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Let $C$ be a category, and let all objects $X_i, Y_j$ belong to $ob(C)$, and morphisms $f_{ij}, h_i, g_{ij}$ be morphisms between them in $C$.

Let us have a diagram then:

enter image description here

How do we verify it's commutative? I mean, the obvious way is to compare all compositions with domain $X_1$ and codomain $Y_4$, but there will be a lot of them.

Can we somehow reduce it to comparing compositions of certain subdiagrams? For example, we have a cube-shaped diagram here. Can we somehow check if the squares are commutative? Will that be enough, or no?

In general, how to deal with such diagrams(not necessarily resembling figures in $\mathbb{R}^3$, just any non-trivial, that is, harder than categorical product/coproduct universal property) diagrams?

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  • $\begingroup$ A priori, it's not even enough to check all compositions that go all the way from $X_1$ to $Y_1$ ... that may well work even if one or more of the squares in the diagram doesn't commute; e.g. if $Y_4$ is a terminal object. $\endgroup$ – Henning Makholm Jun 12 '16 at 21:30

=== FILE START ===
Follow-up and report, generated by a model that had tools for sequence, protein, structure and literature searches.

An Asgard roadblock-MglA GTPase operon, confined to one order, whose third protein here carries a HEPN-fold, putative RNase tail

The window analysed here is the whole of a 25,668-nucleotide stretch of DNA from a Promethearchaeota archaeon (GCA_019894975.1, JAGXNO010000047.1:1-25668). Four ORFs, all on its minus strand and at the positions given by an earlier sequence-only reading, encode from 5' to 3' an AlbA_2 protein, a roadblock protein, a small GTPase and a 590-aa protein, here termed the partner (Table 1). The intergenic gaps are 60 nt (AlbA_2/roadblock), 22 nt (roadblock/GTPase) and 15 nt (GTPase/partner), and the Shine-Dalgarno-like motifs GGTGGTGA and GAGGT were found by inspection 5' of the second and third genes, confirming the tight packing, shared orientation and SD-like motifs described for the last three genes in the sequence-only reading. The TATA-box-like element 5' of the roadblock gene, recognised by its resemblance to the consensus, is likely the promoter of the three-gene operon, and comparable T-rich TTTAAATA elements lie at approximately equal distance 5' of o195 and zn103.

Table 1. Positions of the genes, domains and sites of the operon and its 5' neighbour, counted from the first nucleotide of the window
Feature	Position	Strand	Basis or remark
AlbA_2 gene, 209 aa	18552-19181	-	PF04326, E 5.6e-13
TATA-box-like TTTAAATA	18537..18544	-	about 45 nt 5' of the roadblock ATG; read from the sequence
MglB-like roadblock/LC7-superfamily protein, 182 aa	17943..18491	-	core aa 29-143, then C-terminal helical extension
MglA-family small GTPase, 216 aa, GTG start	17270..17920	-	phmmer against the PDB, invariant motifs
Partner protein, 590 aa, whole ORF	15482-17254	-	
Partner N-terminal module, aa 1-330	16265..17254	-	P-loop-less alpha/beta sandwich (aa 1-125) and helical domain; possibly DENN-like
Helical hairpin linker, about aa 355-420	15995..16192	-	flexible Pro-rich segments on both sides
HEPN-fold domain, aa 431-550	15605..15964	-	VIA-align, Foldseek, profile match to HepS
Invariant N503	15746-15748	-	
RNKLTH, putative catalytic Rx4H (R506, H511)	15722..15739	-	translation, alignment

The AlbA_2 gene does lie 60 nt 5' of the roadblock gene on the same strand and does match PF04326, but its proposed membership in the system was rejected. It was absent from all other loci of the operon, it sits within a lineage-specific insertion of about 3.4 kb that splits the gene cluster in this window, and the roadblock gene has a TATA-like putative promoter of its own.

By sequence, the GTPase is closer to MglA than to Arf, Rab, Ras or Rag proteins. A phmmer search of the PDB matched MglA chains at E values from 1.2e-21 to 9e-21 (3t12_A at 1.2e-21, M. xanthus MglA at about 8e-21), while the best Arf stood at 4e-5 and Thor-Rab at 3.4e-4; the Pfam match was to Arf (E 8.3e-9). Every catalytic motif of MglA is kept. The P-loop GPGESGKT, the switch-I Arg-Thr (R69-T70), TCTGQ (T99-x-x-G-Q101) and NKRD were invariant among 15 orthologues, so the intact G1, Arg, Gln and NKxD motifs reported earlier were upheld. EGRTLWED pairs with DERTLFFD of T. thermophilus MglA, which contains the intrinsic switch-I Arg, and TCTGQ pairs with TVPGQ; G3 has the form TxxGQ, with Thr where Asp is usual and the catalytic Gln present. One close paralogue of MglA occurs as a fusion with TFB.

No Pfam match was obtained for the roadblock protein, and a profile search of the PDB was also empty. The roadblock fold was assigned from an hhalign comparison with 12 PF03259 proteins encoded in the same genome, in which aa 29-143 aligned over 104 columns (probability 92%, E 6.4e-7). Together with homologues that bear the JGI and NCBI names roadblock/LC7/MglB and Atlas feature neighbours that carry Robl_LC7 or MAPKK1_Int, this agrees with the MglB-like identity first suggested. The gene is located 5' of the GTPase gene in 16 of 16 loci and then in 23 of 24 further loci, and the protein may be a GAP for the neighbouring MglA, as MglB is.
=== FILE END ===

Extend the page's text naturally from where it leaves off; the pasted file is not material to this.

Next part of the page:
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    $\begingroup$ To check that this diagram is commutative you have to consider all paths in the diagram, not just the ones with domain $X_1$ and codomain $Y_4$. But to prove that it is sufficient to check that the squares commute. $\endgroup$ – Rob Arthan Jun 12 '16 at 21:31
  • $\begingroup$ @HenningMakholm So we need to check all compositions? With any domain and codomain? $\endgroup$ – Jxt921 Jun 13 '16 at 0:00
  • $\begingroup$ @RobArthan Do you mean that checking commutativity of squares is sufficient? If that's so, I'll try to prove it. $\endgroup$ – Jxt921 Jun 13 '16 at 0:02
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    $\begingroup$ Checking the commutativity of the squares is sufficient. (To see this note that the if you have two paths $f$ and $g$ from one object in the diagram to another, then you can transform $f$ into $g$ in steps, where each step only deals with edges of one square.) $\endgroup$ – Rob Arthan Jun 13 '16 at 0:10

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